Occupational Health and Safety Act, 1993 (Act No. 85 of 1993)
Code of Practice
Diving Regulations, 2009
Code of Practice for Inshore Diving
1.3 Status of this Code
This Code is issued in terms of Regulation 24(b) of the Diving Regulations, 2009 and is based on the principles of providing a workplace that is acceptably safe and without undue risks to health.
If there is conflict between this Code and the Diving Regulations. the Diving Regulations take precedence.
Failure to observe the Code shall render a person liable in any proceedings. When courts interpret and apply the Diving Regulations with respect to the type of diving procedures covered by this code, they should consider this code to be an accepted standard of good practice.
Employers, employees and their organizations shall use this Code to develop, implement and refine their diving practices to address the health and safety issues in their own workplaces. This code shall specifically be consulted when preparing operations manuals.
This Code is intentionally general, because every person and situation is unique and departures from the guidelines in this code may be justified in appropriate circumstances.
This Code is not a substitute for company operation manuals and procedures, although it provides some guidance in aspects that should be covered in those manuals.
1.3.1 The Occupational Health and Safety Act, Diving Regulations and other Regulations
The Occupational Health and Safety Act is the overarching legislative text, determining the duties of employers, employees, health and safety representatives, health and safety committees, etc. The Diving Regulations are provided in order to provide details on how the Act should be applied in the diving industry. Greater detail is provided for specific sectors of the diving industry in the Codes of Practice provided under the Diving Regulations.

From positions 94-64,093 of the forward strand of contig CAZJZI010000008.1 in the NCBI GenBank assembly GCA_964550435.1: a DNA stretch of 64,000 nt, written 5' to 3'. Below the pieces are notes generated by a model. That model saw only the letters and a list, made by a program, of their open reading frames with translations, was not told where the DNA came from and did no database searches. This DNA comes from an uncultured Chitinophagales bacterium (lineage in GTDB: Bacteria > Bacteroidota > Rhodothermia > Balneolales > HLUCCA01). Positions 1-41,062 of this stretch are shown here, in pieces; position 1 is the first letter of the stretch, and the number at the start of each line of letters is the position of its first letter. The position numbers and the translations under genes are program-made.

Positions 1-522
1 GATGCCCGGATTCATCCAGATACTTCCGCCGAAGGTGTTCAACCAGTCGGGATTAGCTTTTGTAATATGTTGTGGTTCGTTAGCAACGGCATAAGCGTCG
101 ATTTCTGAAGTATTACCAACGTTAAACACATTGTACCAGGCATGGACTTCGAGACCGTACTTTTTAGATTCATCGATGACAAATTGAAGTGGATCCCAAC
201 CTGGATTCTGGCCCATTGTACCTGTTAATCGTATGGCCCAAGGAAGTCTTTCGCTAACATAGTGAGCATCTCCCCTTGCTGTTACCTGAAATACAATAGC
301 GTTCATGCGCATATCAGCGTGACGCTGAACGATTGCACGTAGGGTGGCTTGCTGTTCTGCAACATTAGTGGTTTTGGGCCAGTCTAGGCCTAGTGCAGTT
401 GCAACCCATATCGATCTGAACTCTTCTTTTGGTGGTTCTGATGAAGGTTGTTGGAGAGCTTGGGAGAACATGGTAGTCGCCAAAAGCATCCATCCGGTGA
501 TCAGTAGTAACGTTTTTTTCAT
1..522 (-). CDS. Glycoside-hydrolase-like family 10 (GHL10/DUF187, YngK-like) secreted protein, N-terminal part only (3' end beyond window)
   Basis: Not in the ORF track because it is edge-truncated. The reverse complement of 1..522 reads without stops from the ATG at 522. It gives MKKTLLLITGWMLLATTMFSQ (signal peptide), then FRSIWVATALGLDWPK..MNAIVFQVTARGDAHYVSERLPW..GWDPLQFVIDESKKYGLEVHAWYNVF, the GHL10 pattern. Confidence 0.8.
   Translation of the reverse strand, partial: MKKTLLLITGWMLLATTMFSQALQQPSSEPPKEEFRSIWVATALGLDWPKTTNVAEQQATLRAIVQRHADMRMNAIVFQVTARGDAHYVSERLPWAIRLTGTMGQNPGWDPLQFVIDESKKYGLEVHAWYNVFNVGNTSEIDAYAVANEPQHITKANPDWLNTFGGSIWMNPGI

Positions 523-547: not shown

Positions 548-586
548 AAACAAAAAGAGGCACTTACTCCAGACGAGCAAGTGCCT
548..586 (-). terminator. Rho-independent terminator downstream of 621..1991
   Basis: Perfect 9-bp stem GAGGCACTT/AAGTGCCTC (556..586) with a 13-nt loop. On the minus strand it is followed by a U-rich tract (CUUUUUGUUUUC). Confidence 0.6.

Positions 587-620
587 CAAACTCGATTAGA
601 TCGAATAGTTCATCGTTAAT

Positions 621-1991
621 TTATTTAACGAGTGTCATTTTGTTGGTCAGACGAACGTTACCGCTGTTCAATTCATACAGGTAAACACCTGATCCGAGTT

This Code is the default code of practice for commercial diving in South Africa. It should be referred to in the absence of any code more specifically applying to the circumstances of any commercial diving operation within the scope of the Diving Regulations. When another diving code of practice is more specifically relevant to a diving contract, that code should generally be followed providing the advice given is applicable to the operation. When a more specific code does not provide sufficient guidance in particular circumstances, and this code does, this code may be used.
Other regulations published under the Act may be applicable from time to time. These must also be consulted whenever appropriate, including Codes of Practice that may be published in terms of those regulations.
Other Acts may also be relevant to a specific diving project and the diving contractor should ensure that all the relevant texts are consulted.
The Occupational Health and Safety Act (Act No. 85 of 1993) and its regulations take precedence over this code and the advice of this Code should be followed only where it does not conflict with said legislation.
Any contractor carrying out inshore/inland diving operations shall establish whether there are any other National Regulations that may apply to the diving project. For instance, if construction work is undertaken, due regard should be given to aspects covered in the Construction Regulations; Diving in contaminated waters may require consultation with the Regulations for Hazardous Chemical Substances or the Regulations for Hazardous Biological Agents; If any loud noise is present in the workplace, the Noise Induced Hearing Loss Regulations should be consulted, etc. These are all aspects that are not covered in the Diving Regulations nor in detail in this code.
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